Richfield, Eden Prairie and the Metropolitan Airport Commission (MAC) have contracted with the Bloomington Police Department's Animal Control Unit to provide animal sheltering services. Animals from these entities are impounded and held at the Bloomington Animal Shelter in accordance with state law and existing contracts
Animal Control responds to nearly 3,000 animal-related calls for service each year. Nearly 600 domestic and non-domestic animals from Bloomington are impounded at the animal shelter each year, most of which are released back to their owners.
The Animal Control Officers also spend considerable time educating youth in the schools on animal safety programs. Each year they visit all elementary schools in Bloomington to deliver a fun-filled animal safety message.
Contact the Animal Control Unit 24 hours a day at 952-563-4942.
Within the State of Minnesota, leaving a dog inside a parked vehicle is not a crime until the conditions in the vehicle present a health hazard to the animal.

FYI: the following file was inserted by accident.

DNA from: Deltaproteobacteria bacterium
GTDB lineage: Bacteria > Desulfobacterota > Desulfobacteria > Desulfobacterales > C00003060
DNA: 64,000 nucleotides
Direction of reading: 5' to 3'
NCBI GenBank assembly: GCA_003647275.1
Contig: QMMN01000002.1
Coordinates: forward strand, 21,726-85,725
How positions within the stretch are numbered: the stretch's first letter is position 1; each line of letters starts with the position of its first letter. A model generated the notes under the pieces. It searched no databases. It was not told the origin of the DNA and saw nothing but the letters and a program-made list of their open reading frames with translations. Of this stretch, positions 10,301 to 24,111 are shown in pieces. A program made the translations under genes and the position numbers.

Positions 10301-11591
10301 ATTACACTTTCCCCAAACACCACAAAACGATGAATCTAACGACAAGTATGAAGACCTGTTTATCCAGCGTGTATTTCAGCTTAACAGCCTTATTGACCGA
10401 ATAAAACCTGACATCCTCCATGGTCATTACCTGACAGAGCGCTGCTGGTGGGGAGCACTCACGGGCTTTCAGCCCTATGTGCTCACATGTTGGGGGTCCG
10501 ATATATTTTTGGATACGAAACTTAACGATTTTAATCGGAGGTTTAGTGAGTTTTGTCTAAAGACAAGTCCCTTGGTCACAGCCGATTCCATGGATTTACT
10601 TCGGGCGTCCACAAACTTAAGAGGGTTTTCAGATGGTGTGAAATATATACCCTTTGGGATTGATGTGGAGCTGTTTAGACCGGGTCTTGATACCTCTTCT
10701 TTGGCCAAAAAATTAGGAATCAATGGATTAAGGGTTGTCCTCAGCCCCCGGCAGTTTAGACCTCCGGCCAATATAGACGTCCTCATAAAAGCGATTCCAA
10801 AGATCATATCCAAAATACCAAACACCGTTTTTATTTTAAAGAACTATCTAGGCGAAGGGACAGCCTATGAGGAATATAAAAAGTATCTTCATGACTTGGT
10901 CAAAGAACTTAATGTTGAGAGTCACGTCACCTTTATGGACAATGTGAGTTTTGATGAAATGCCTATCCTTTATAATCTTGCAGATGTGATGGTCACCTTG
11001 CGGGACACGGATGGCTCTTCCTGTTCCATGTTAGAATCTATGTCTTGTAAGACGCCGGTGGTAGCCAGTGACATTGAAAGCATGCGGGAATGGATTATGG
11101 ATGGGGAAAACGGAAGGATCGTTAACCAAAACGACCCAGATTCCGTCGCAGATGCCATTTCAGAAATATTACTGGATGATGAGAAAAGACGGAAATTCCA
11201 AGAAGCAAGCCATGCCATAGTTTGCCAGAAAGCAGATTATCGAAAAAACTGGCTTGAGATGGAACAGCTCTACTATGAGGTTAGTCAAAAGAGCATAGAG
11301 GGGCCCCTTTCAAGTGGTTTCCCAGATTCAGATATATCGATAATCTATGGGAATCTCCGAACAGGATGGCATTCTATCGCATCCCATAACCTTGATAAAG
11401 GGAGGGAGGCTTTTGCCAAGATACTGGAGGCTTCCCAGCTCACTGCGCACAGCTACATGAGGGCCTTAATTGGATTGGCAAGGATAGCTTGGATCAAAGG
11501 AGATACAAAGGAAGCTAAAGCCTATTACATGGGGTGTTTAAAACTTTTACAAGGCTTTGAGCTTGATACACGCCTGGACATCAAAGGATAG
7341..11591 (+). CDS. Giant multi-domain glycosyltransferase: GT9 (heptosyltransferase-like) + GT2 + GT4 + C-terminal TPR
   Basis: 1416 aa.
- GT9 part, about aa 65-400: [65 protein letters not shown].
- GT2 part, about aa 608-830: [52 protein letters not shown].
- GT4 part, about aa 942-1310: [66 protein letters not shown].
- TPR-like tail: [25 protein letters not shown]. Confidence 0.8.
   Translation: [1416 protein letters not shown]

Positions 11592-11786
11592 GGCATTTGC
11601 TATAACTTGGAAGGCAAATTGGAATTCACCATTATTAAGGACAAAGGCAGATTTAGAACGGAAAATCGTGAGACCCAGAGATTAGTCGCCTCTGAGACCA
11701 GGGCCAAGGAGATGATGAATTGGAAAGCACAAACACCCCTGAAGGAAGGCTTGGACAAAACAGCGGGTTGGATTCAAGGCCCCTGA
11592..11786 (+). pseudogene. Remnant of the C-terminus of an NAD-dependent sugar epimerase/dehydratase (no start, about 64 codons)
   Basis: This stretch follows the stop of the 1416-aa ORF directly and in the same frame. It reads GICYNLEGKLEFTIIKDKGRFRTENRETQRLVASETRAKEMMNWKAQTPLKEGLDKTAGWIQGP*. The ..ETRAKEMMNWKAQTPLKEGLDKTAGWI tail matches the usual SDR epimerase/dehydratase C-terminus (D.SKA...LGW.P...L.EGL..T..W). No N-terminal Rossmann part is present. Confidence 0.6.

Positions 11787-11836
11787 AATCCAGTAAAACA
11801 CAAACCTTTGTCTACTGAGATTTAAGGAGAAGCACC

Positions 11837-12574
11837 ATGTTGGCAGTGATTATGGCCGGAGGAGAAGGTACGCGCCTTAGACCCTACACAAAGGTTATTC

If outside conditions warrant, please contact 911 when a violation is occurring.
Animal Control will be dispatched to take digital infrared temperature readings inside the vehicle. If the owner cannot be contacted, and conditions warrant, the animal will be removed and transported to the shelter.
Depending on the circumstances, a citation or complaint may be issued against the animal owner.
Coyotes are one of nature's ways of controlling nuisance wildlife populations, such as rabbits, small rodents and deer. They generally stay away from people and there have been no reports of coyotes being aggressive towards people in Bloomington or surrounding cities.
Pets must be restrained at all times. Unlike dogs, cats and other pets must always be kept on the owner's property. Every dog owner must protect people, property and animals from injuries or damages which might result from the dog's behavior.
At home, a dog must be within a sturdy, enclosed fence or building.
A dog may be restrained within a secure vehicle.
When picketing a dog, use a chain or metal cable, which is attached to a fixed object. The picket should only be located in the rear yard of the owner's property and the dog's chain should not reach within 10 feet of the property line or sidewalk and fifty feet of a house other than the owner's.
When walking a leashed dog and a person or animal approaches within 20 feet, the leash must be shortened to six feet.
Voice control may be used if the dog is: on the owner's property, in a dog show or an obedience demonstration, hunting or retrieving game, or on City-owned property designated as an off-leash area.